To protect the Gough's Rock Whitebeam and the other unique species that live on Gough Island, conservation efforts are needed. This includes controlling and removing invasive species, monitoring the tree species to track any changes in its population and distribution, and implementing measures to protect the tree from the impacts of climate change.

The Gough's Rock Whitebeam is a remarkable and important tree species that deserves our attention and protection. By conserving this species, we are not only preserving a unique part of the natural world, but we are also ensuring the survival of the many other species that depend on it.

In addition to the conservation efforts mentioned above, it is also important to raise awareness about the Gough's Rock Whitebeam and its unique ecosystem. This can be done through education and outreach programs, such as field trips to Gough Island for researchers, students, and the general public.

Another important aspect of conservation is conducting research to better understand the biology and ecology of the Gough's Rock Whitebeam. This includes studying its growth patterns, reproductive biology, and response to environmental changes, among others. This information can then be used to inform conservation efforts and make decisions that will help to ensure the survival of the species.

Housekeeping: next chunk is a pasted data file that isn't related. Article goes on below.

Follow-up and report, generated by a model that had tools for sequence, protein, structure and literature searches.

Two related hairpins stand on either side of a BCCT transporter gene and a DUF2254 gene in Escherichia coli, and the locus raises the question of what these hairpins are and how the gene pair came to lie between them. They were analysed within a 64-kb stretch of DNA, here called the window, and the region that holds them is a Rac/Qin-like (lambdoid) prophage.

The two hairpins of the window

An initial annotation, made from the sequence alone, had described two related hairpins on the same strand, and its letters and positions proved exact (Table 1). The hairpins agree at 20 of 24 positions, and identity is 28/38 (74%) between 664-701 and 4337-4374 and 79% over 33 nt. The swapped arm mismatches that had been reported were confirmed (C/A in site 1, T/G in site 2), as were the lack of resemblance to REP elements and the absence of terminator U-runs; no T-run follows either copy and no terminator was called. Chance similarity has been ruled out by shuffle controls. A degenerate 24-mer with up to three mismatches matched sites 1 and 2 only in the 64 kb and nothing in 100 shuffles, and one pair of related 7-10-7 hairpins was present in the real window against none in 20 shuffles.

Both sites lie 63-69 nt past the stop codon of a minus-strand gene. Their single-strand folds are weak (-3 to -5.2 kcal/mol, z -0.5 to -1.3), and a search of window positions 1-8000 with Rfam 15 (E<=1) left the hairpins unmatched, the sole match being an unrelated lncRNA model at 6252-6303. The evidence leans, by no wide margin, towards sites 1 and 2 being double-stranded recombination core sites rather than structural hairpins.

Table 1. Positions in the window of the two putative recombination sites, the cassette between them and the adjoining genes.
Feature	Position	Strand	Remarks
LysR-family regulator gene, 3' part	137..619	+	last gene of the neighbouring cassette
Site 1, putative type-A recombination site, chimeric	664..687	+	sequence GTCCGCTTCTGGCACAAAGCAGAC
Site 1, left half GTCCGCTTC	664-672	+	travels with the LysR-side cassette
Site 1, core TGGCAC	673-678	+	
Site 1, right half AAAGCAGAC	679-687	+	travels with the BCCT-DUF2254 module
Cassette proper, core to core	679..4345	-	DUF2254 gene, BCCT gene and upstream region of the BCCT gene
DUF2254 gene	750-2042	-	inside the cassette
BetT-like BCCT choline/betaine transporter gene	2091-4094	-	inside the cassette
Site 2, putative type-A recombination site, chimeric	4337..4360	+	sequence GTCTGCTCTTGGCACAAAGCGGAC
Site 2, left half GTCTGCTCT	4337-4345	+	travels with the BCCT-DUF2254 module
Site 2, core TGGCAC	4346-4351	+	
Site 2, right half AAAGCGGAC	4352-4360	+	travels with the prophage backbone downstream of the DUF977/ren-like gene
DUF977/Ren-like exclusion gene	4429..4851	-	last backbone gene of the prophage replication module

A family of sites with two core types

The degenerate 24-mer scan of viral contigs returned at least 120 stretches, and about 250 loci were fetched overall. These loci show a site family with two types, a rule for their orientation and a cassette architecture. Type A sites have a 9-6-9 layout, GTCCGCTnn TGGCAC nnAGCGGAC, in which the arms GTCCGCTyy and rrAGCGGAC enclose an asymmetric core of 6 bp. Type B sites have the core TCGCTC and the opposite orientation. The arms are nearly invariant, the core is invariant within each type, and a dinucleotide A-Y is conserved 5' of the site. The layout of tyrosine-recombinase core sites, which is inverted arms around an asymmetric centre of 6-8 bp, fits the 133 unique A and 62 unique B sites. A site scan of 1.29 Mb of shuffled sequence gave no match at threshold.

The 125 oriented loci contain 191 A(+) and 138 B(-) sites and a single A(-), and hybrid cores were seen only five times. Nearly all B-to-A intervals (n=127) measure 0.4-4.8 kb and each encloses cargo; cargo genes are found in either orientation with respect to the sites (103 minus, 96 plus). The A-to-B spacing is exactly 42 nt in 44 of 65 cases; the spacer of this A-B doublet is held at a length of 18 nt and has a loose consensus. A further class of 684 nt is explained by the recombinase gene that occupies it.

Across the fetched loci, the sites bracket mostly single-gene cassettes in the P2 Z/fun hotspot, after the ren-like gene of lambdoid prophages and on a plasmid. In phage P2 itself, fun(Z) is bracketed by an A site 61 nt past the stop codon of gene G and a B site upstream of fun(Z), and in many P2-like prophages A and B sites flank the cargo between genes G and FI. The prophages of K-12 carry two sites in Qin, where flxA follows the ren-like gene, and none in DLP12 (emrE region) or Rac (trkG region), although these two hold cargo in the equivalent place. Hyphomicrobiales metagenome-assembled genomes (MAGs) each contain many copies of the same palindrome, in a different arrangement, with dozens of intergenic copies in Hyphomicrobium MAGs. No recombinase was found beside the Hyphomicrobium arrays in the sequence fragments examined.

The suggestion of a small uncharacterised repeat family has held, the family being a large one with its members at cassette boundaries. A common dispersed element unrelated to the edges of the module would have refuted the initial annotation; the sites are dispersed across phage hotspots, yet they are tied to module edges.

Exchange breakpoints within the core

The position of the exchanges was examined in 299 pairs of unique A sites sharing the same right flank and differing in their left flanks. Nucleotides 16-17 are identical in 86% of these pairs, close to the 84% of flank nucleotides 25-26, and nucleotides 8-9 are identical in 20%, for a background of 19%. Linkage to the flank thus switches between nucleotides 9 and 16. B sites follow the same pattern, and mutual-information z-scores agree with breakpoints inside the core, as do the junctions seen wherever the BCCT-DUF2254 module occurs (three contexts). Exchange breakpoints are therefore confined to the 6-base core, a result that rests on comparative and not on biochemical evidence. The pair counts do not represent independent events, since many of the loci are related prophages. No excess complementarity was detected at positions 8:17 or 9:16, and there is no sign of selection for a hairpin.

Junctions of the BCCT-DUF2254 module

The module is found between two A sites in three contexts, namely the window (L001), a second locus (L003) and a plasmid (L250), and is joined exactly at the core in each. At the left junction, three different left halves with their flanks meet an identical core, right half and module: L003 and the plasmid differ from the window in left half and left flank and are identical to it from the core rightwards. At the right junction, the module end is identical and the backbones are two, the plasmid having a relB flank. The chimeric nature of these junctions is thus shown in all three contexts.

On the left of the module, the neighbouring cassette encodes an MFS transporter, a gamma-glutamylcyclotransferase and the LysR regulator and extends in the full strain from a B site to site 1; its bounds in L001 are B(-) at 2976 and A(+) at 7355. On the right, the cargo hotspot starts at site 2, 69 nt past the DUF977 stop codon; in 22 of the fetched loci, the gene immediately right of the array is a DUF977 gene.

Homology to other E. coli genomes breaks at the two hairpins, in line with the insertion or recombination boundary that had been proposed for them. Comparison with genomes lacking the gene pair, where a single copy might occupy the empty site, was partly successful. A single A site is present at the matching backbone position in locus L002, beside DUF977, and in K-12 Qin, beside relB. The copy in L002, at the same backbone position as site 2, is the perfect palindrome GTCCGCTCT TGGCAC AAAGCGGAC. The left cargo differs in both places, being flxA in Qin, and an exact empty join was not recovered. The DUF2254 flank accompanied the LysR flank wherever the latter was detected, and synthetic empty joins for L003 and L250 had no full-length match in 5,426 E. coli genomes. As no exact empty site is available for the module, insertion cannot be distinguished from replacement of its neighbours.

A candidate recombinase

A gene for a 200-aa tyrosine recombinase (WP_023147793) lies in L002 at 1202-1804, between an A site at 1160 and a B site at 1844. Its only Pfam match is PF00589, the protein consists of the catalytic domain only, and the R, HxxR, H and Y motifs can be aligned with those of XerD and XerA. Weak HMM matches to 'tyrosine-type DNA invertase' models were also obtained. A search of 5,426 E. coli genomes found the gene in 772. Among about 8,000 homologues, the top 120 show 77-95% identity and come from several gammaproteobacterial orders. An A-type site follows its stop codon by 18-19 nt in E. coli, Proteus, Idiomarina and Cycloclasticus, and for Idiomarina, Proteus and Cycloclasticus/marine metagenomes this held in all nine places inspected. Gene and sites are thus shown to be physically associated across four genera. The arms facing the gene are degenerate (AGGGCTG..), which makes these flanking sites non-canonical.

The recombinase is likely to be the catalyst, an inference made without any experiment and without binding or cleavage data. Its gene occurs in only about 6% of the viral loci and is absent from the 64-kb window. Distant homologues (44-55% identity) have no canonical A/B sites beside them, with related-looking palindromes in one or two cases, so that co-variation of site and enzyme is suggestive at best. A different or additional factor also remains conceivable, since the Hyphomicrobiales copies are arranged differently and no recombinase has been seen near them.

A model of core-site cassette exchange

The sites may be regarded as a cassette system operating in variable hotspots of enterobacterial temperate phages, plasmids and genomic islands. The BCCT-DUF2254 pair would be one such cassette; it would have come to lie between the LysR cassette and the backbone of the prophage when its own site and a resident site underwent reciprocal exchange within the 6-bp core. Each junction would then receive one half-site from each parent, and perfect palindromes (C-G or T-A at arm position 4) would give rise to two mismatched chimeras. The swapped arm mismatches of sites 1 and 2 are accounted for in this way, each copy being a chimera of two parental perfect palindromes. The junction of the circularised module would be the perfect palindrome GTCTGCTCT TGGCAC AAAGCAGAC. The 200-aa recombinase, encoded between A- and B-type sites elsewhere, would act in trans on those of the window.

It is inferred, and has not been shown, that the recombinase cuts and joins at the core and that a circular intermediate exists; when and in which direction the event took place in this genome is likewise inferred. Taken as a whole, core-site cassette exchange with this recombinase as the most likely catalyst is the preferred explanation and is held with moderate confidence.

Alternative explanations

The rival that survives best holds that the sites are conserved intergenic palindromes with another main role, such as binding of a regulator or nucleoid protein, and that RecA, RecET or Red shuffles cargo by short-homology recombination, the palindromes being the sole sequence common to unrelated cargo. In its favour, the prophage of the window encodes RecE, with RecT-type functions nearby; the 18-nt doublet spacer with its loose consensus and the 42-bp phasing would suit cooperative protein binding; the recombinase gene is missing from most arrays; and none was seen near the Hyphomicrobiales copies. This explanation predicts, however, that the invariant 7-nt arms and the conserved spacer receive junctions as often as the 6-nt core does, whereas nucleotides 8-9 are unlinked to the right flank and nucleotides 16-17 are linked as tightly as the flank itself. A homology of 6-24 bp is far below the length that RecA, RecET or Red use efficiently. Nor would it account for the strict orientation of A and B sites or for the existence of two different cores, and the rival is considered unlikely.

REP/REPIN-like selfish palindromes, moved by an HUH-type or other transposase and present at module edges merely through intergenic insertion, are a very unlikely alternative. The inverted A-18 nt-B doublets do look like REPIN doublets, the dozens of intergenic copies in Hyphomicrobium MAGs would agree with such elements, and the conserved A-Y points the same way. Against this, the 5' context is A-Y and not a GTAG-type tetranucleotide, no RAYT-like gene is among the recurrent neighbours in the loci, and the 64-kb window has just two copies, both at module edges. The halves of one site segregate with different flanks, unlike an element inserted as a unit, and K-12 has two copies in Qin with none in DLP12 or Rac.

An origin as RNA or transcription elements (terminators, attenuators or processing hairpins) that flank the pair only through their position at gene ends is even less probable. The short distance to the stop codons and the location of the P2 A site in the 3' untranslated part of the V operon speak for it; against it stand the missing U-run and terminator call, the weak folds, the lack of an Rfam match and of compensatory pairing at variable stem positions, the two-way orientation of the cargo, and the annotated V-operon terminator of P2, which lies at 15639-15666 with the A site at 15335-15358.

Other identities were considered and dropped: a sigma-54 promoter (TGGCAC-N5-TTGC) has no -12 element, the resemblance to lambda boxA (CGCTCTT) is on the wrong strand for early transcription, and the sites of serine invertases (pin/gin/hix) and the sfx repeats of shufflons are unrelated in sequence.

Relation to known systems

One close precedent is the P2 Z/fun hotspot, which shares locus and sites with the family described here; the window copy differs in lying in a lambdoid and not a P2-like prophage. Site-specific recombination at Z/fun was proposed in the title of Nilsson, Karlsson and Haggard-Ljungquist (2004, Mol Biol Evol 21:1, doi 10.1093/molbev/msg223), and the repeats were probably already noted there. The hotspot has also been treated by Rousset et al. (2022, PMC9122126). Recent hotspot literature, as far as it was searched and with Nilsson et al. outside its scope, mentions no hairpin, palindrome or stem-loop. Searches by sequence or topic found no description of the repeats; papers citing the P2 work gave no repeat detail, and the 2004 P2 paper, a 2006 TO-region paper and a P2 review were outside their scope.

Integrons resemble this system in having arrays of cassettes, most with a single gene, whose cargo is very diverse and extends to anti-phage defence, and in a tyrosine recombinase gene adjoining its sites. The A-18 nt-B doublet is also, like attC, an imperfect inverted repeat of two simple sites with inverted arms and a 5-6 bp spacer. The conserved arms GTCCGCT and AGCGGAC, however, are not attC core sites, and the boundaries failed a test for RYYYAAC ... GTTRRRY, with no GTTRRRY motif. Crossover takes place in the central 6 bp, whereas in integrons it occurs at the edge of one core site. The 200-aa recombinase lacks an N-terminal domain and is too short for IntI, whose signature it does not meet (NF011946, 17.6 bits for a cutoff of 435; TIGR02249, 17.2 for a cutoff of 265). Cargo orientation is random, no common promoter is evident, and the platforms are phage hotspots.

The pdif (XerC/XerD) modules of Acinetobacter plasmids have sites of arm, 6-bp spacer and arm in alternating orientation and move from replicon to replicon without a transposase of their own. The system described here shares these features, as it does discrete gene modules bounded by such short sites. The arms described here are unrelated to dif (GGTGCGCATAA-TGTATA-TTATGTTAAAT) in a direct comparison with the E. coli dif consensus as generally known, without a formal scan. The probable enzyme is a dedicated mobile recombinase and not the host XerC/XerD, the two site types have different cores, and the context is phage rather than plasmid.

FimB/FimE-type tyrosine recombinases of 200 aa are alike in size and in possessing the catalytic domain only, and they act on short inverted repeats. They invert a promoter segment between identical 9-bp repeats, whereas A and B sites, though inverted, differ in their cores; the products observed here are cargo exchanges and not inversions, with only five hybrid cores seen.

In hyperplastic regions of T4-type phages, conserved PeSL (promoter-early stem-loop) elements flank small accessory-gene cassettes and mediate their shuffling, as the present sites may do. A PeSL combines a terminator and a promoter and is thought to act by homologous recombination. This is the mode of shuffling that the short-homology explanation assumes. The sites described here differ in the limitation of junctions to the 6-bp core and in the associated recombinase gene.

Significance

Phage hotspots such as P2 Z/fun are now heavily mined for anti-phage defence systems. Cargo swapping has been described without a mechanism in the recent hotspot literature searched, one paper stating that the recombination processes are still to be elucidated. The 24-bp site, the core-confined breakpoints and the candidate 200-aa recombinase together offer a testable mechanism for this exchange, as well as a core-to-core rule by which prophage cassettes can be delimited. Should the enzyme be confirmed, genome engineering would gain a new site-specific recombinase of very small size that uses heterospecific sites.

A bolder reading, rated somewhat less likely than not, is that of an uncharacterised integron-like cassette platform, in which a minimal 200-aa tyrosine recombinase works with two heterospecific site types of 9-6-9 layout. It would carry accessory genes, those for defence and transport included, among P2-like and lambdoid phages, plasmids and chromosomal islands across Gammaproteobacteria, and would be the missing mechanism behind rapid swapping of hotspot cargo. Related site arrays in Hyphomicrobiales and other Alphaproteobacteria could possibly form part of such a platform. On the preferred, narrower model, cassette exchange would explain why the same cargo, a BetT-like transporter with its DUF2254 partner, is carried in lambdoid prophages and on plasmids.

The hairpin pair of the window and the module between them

It is also crucial to consider the broader context of the conservation of Gough's Rock Whitebeam. This includes recognizing the importance of protecting the entire Gough Island ecosystem, which is home to many other rare and endangered species, as well as the need to address the root causes of climate change and invasive species introductions.

Protecting the Gough's Rock Whitebeam and its unique ecosystem is a complex and challenging task, but one that is essential to ensure the survival of this endangered species and its many dependent species. By working together and taking a comprehensive approach, we can make a difference in the future of Gough's Rock Whitebeam and the island it calls home.

In addition to the efforts outlined above, there are several other strategies that can be used to help protect the Gough's Rock Whitebeam and its ecosystem. One of these strategies is habitat restoration, which involves removing invasive species and planting native vegetation to help the tree species and other species to thrive. This type of effort can be particularly effective in areas where the tree species have been impacted by invasive species or other environmental factors.